Date: October 9, 2013
Welcome to our latest edition of the NCAlert – an e-update series sponsored by the National Confectioners Association. Our goal is to provide timely research updates, thoughtful commentaries and useful educational resources on the role of candy in health and well-being. We’re honored to share this edition with Francisco Villarreal MD, PhD, Professor of Medicine at University of California San Diego School of Medicine. Dr. Villarreal and his research team have recently published a cutting edge new series of articles detailing novel effects of cocoa flavanols on skeletal muscle structure and function.
In good health,
|Laura Shumow M.H.S.
Director of Scientific and Regulatory Affairs
National Confectioners Association
Disclosure: The views and opinions expressed below do not necessarily reflect the position of NCA or its members. NCA did not endorse or fund this research.
I am excited to share some recent findings by my research team at the University of California, San Diego, on the effects of cocoa flavanols on skeletal muscle structure and function. This pilot study was conducted in patients diagnosed with both heart failure and type 2 diabetes – who are known to have compromised heart and skeletal muscle function. Over a three month period, the patients consumed a prescribed amount of cocoa in the form of dark chocolate and a cocoa beverage designed to provide ~100 mg of the flavanol (-)-epicatechin. This study is observational only and had no control group.
In the first report, we focused on specific changes that occurred in the mitochondria of skeletal muscle in the patients following cocoa consumption. Mitochondria are the organelles that generate most of the energy (i.e., ATP) for all cells. As such, these organelles are crucial in maintaining muscle function. Results confirmed (as per previous findings by others) that mitochondria found in the muscle of heart failure patients are largely broken, which may explain the marked loss of muscle function observed in these patients. However, after three months of cocoa consumption, mitochondrial structure was partially restored.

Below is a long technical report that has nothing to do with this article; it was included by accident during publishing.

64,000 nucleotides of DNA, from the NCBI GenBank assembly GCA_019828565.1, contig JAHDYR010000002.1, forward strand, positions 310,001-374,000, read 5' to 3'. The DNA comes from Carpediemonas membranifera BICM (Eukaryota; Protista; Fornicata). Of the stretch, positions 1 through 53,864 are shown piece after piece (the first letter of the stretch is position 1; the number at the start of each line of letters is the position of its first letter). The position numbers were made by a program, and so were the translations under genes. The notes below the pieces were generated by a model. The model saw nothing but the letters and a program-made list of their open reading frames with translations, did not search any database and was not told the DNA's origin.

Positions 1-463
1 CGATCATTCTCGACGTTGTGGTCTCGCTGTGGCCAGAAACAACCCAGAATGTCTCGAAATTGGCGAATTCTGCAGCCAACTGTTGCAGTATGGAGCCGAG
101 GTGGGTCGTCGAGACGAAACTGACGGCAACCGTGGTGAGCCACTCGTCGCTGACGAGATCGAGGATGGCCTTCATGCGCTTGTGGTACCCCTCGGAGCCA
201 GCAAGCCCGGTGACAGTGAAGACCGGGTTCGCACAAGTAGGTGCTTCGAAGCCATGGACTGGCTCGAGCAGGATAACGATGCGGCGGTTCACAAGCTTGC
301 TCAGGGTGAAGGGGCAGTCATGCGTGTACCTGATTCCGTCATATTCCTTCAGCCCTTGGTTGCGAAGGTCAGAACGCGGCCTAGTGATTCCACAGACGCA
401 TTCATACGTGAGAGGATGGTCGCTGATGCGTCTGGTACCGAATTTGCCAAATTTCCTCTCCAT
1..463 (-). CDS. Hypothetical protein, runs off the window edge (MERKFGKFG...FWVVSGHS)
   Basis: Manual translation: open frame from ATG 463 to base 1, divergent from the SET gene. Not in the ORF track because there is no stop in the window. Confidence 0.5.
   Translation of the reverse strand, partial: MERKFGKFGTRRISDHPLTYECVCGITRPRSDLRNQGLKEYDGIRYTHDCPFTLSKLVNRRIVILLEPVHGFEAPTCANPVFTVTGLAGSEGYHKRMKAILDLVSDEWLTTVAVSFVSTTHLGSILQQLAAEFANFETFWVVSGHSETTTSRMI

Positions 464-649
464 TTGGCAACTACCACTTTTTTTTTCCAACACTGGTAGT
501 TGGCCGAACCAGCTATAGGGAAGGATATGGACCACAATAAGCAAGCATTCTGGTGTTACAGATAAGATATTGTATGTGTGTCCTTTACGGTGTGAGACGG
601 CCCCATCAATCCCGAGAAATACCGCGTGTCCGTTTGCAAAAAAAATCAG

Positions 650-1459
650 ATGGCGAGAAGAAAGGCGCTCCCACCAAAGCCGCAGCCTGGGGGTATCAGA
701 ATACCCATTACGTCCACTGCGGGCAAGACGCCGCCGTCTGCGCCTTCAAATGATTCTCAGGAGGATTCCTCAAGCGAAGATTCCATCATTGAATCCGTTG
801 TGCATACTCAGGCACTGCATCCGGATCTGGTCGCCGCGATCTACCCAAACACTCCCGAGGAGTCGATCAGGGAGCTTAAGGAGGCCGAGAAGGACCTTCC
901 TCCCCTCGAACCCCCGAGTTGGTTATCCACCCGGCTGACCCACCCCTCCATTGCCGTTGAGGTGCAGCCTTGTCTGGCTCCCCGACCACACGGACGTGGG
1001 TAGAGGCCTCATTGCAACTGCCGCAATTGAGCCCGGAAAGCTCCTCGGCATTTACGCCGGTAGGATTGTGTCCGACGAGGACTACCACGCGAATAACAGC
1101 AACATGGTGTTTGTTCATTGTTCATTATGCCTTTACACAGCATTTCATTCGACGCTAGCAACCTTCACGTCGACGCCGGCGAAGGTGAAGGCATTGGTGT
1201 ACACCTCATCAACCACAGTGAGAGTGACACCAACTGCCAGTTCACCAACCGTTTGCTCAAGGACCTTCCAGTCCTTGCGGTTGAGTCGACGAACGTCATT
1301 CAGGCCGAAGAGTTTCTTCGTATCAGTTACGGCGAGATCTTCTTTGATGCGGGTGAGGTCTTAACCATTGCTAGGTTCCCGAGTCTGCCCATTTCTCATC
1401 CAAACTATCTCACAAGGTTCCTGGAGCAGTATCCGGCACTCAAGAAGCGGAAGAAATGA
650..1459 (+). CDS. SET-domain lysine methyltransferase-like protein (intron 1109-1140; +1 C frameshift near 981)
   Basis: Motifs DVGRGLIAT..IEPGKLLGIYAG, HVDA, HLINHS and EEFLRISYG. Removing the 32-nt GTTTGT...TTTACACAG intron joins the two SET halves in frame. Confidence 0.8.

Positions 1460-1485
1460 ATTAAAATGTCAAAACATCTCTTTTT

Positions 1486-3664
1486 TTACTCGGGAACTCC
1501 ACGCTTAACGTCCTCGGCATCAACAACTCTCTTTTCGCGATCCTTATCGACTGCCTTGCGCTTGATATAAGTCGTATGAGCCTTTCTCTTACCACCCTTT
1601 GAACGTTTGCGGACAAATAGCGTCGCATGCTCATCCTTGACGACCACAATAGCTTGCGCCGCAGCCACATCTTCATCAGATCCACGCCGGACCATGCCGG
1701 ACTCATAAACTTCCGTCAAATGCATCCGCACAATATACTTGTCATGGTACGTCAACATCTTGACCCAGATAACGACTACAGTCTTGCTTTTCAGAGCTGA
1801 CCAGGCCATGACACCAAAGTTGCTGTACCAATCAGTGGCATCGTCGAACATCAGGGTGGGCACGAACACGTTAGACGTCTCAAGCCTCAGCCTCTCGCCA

In the second report, using the same muscle samples from the patients described above, we expanded our focus to examine the impact of cocoa consumption on the structural indicators of overall muscle integrity and growth. Using biochemical and microscopy techniques, the research team observed that heart failure/type 2 diabetes patients had a marked loss of structural components (in particular, dystrophin) that prevent muscle fiber injury. In addition, the levels for multiple regulators of muscle growth were also severely disrupted. Interestingly, following the three month cocoa consumption, the levels of structural components and regulators of growth notably recovered hinting at improvements in muscle function.
In the most recent report, and using the same patient samples, we examined the effects of cocoa flavanols on various indicators of oxidative stress within skeletal muscles. As previously reported by others, multiple indicators of tissue oxidative stress are greatly increased with heart failure and diabetes accompanied by a depletion of tissue antioxidant buffers such as glutathione. The diseases are also known to distort the pathways that regulate these systems. The patients in our study showed a striking recovery of markers of tissue oxidative stress and their control systems as well as antioxidant buffers following cocoa consumption compared to baseline. In looking at these three reports, we believe that the naturally occurring compounds in cocoa called flavanols are the key regulators of the mitochondrial, muscle and antioxidative effects we observed. Our hypothesis is that cocoa, as a food naturally concentrated in flavanols may not only neutralize high oxidative stress condition, but also have specific and beneficial actions on important control system pathways in muscle tissue.
The articles that relate to these findings are:
1. Taub P, Ramirez-Sanchez I, Ciaraldi T, Perkins G, Murphy A, Naviaux R, Hogan M, Maisel A, Henry R, Ceballos G, Villarreal F: Alterations in skeletal muscle indicators of mitochondrial structure and biogenesis in patients with type 2 diabetes and heart failure: Effects of epicatechin rich cocoa: Clin Trans Sci, 5:43-47, 2012
2. Taub P, Ramirez-Sanchez I, Ciaraldi T, Gonzalez-Basurto S, Coral-Vazquez R, Perkins G, Hogan M, Maisel A, Henry R, Ceballos G, Villarreal, F: Severe perturbations in skeletal muscle sarcomere structure of heart failure and type 2 diabetes patients: Restorative effects of (-)-epicatechin-rich cocoa. Clin Sci, 125:383-389, 2013
3. Ramirez-Sanchez I, Taub P, Nogueira L, Ciaraldi T, Hogan M, Maisel A, Henry R, Ceballos G, Villarreal, F: Modulation of skeletal muscle oxidative stress regulatory systems by (-)-epicatechin in heart failure and type 2 diabetes. In Press, Int J Cardiol, 2013
Francisco Villarreal MD, PhD
Professor of Medicine
UCSD School of Medicine